The goal of enterprise architecture is to create a unified IT environment (standardized hardwareand software systems) across the firm or all of the firm’s business units, with tight symbioticlinks to the business side of the organization (which typically is 90% of the firm as seen earlier,at least by way of budget) and its strategy. More specifically, the goals are to promote alignment,standardization, reuse of existing IT assets, and the sharing of common methods for projectmanagement and software development across the organization. The end result, theoretically,is that the enterprise architecture will make IT cheaper, more strategic, and more responsiveThe purpose of enterprise architecture is to create a map of IT assets and business processes anda set of governance principles that drive an ongoing discussion about business strategy and how itcan be expressed through IT. There are many different suggested frameworks to develop an enterprisearchitecture, as discussed later on. However, most frameworks contain four basic domains,as follows: (1) business architecture: documentation that outlines the company’s most importantbusiness processes; (2) information architecture: identifies where important blocks of information,such as a customer record, are kept and how one typically accesses them; (3) application systemarchitecture: a map of the relationships of software applications to one another; and (4) the infrastructuretechnology architecture: a blueprint for the gamut of hardware, storage systems, andnetworks. The business architecture is the most critical, but also the most difficult to implement,according to industry practitioners [KOC200502].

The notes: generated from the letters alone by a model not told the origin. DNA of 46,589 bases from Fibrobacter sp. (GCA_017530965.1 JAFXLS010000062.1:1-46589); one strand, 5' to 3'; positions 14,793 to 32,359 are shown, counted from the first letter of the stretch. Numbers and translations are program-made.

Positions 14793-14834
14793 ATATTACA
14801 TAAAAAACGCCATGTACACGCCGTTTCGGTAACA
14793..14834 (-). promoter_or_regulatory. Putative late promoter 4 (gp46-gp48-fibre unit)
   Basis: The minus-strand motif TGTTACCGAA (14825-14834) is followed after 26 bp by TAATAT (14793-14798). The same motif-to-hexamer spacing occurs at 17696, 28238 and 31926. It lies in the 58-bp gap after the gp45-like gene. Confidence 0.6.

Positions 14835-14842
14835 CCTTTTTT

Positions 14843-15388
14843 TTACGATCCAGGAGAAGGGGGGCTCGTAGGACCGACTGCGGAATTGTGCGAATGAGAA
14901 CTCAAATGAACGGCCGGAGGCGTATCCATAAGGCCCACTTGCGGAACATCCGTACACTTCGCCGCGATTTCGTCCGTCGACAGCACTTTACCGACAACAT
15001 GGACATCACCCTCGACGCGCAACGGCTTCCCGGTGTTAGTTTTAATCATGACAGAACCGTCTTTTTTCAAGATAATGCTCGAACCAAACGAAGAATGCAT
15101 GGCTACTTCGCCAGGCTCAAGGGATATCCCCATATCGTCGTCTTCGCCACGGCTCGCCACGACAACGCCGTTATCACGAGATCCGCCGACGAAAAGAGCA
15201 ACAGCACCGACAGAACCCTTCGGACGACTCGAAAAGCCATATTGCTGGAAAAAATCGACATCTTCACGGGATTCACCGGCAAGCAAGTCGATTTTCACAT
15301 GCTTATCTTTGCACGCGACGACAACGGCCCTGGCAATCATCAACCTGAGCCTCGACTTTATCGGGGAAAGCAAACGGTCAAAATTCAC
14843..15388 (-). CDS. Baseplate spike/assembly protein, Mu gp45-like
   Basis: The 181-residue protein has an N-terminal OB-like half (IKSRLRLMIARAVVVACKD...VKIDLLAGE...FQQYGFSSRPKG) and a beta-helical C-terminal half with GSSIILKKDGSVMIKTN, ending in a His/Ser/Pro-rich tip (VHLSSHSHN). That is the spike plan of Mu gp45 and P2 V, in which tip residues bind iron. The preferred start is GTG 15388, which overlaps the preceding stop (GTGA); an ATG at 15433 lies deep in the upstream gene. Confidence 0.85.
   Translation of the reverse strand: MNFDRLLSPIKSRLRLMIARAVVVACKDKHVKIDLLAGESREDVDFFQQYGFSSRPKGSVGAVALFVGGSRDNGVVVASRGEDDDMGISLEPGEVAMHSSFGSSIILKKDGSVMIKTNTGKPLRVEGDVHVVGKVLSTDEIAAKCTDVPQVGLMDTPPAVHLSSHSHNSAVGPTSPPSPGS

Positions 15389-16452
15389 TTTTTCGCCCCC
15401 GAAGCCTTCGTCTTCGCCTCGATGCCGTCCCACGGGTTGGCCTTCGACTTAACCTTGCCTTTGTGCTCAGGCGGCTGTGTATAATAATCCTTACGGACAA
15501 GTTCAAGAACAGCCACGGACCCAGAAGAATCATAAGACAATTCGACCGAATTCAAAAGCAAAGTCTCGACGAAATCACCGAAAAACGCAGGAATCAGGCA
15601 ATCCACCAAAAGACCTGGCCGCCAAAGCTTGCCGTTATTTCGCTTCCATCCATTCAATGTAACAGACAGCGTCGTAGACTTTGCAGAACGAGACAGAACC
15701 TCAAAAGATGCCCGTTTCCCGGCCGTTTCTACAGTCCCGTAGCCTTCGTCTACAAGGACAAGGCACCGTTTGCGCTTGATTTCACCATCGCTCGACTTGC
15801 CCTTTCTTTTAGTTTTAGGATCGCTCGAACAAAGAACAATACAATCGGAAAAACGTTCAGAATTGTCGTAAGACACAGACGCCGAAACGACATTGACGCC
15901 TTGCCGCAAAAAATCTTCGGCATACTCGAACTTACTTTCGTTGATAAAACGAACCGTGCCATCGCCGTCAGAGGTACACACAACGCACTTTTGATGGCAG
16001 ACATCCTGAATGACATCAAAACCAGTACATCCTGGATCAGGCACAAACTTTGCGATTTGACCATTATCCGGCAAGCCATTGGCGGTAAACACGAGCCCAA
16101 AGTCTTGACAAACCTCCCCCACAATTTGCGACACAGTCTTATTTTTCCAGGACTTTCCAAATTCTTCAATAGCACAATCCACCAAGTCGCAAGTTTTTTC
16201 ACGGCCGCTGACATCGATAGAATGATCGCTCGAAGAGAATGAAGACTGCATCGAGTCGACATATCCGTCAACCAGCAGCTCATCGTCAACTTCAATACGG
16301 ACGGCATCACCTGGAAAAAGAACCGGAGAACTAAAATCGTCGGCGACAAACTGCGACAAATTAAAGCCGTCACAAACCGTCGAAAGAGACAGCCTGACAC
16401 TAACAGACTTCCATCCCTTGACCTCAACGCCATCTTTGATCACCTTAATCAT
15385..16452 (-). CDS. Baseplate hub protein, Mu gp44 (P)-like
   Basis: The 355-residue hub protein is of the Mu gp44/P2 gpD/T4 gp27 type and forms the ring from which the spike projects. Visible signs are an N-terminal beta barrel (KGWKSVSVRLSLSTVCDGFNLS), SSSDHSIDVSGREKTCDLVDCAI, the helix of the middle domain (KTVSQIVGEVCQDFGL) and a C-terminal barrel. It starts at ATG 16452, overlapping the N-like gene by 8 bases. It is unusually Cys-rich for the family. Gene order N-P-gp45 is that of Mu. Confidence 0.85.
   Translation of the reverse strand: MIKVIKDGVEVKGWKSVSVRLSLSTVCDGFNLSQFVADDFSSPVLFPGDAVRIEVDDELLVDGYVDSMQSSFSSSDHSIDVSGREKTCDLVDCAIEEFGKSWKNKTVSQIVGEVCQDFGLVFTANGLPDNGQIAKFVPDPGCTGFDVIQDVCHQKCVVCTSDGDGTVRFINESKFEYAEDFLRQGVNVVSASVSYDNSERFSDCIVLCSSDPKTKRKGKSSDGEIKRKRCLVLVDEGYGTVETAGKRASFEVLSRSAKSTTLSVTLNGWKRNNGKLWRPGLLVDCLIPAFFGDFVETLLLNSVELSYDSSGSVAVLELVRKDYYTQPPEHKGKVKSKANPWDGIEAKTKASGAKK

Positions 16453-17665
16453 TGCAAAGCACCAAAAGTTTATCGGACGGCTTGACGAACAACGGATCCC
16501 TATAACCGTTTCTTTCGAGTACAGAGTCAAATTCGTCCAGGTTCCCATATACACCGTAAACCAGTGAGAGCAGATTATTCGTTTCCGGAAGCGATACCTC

Enterprise Architecture supporting the change by Vladimir Calmic Endava
Enterprise Architecturesupporting the change Author: Vladimir Calmic Date: 17.04.2013
Agenda •Enterprise Architecture •Defining the change •Benefits of EA adoption 2